19. Gross, E. R. (2011). Clashing values: Contemporary views about cheating and plagiarism compared to traditional beliefs and practices. Education, 132(2), 435–440.Google Scholar
  20. Harding, T. S., Mayhew, M. J., Finelli, C. J., & and Carpenter, D. (2007). The theory of planned behavior as a model of academic dishonesty in humanities and engineering undergraduates. Ethics and Behavior, 17 (4), 255–279.Google Scholar
  21. Jones, D. L. R. (2011). Academic dishonesty: Are more students cheating? Business Communication Quarterly, 74(2), 141–150.Google Scholar
  22. Karklins, R. (2005). The system made me do it: Corruption in post-communist societies. Armonk: M.E. Sharpe.Google Scholar
  23. Kibler, W. L. (1993). Academic dishonesty: A student development dilemma. NASPA Journal, 30(4), 252–267.Google Scholar
  24. LaBeff, E. E., Clark, R. E., Haines, V. J., & Diekhoff, G. M. (1990). Situational ethics and college student cheating. Sociological Inquiry, 60(2), 190–198.Google Scholar
  25. Lang, J. M. (2013). Cheating lessons: Learning from academic dishonesty. Cambridge: Harvard University Press.Google Scholar
  26. Löfström, E., & Kupila, P. (2013). The instructional challenges of student plagiarism. Journal of Academic Ethics, 11, 231–242.Google Scholar
  27. McCabe, D. L., &. Treviño, L. K. (1993). Academic dishonesty: Honor codes and other contextual influences. The Journal of Higher Education 68(5), 520–538.Google Scholar
  28. McCabe, D. L., Treviño, L. K., & Butterfield, K. D. (1999). Academic integrity in honor code and non-honor code environments: A qualitative investigation. The Journal of Higher Education, 70(2), 211–234.Google Scholar
  29. McCabe, D. L., Treviño, L. K., & Butterfield, K. D. (2001). Cheating in academic institutions: A decade of research. Ethics & Behavior, 11(3), 219–232.Google Scholar
  30. McCabe, D. L., Butterfield, K. D., & Treviño, L. K. (2006). Academic dishonesty in graduate business programs: Prevalence, causes and proposed action. The Academy of Management Learning and Education, 5(3), 294–306.Google Scholar
  31. McCabe, D. L., Butterfield, K. D., & Treviño, L. K. (2012). Cheating in college: Why students do it and what educators can do about it. Johns Hopkins University Press.Google Scholar
  32. Miller, W. L., Grødeland, Å. B., & Koshechkina, T. Y. (2001). A culture of corruption? Coping with government in post-communist Europe, Budapest & New York: Central European. University Press.Google Scholar
  33. Pavela, G. (1997). Applying the power of association on campus: A model code of academic integrity. Journal of College and University Law, 24(1), 97–118.Google Scholar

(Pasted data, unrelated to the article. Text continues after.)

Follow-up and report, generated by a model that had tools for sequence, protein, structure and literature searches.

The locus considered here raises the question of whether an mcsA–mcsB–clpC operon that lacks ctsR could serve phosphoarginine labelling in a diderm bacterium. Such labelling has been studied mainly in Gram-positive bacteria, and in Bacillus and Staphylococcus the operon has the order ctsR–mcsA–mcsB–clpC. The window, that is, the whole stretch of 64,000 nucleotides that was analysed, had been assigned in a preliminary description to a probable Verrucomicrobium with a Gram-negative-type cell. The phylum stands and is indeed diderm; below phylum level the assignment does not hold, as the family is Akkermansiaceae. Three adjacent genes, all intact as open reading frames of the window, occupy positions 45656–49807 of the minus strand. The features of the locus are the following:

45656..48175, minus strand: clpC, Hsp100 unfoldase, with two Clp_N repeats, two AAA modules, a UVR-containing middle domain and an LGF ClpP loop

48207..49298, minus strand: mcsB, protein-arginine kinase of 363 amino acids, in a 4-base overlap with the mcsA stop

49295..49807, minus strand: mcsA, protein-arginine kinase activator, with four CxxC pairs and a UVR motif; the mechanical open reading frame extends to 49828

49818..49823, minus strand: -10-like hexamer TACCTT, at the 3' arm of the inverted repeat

34. Pulvers, K., & Diekhoff, G. M. (1999). The relationship between academic dishonesty and college classroom environment. Research in Higher Education, 40(4), 487–498.Google Scholar
  35. Qwunwanne, D., Rustagi, N., & Dada, R. (2010). Students’ perceptions of cheating and plagiarism in higher institutions. Journal Of College Teaching And Learning, 7(11), 59–68.Google Scholar
  36. Rothstein, B. (2011). Anti-corruption: The indirect ‘big-bang’ approach. Review of International Political Economy, 18(2), 228–250.Google Scholar
  37. Shils, E. A. (1984). The academic ethic. Chicago: University of Chicago Press.Google Scholar
  38. Smyth, M. L., & James, R. D. (2004). Perceptions of dishonesty among two-year college students: Academic versus business situations. Journal of Business Ethics, 51(1), 62–73.Google Scholar
  39. Spear, J. A., & Miller, N. (2012). The effects of instructor fear appeals and moral appeals on cheating-related attitudes and behavior of university students. Ethics & Behavior, 22(3), 196–207.Google Scholar
  40. Urquhart, C., Lehmann, H., & Myers, M. D. (2010). Putting the ‘theory’ back into grounded theory: Guidelines for grounded theory studies in information systems. Info Systems Journal, 20, 357–381.Google Scholar
  41. Vandehey, M. A., Diekhoff, G. M., & LaBeff, E. E. (2007). College cheating: A twenty-year follow-up and the addition of an honor code. Journal of College Student Development, 48(4), 468–480.Google Scholar
  42. Vansteenkiste, M., Lens, W., & Deci, E. L. (2006). Intrinsic versus extrinsic goal contents in self-determination theory: Another look at the quality of academic motivation. Educational Psychologist, 41(1), 19–31.Google Scholar
  43. Wei, T., Chesnut, S., Barnard-Brak, L., & Schmidt, M. (2014). University Students' perceptions of academic cheating: Triangulating quantitative and qualitative findings. Journal of Academic Ethics, 12(4), 287–298.Google Scholar
  44. Whitley, B. E. (1998). Factors associated with cheating among college students: A review. Research in Higher Education, 39, 235–274.Google Scholar
  45. Whitley, B. E. Jr, Nelson, A. B., & Jones, C.J. (1999). Gender differences in cheating attitudes and classroom cheating behavior: A meta-analysis. Sex Roles; Nov; 41 (9/10), 657–680.Google Scholar

Copyright information

© Springer Nature B.V. 2019

Authors and Affiliations

  1. 1.Department of Sociology, Institute of History and SociologyUdmurt State UniversityIzhevskRussia

Personalised recommendations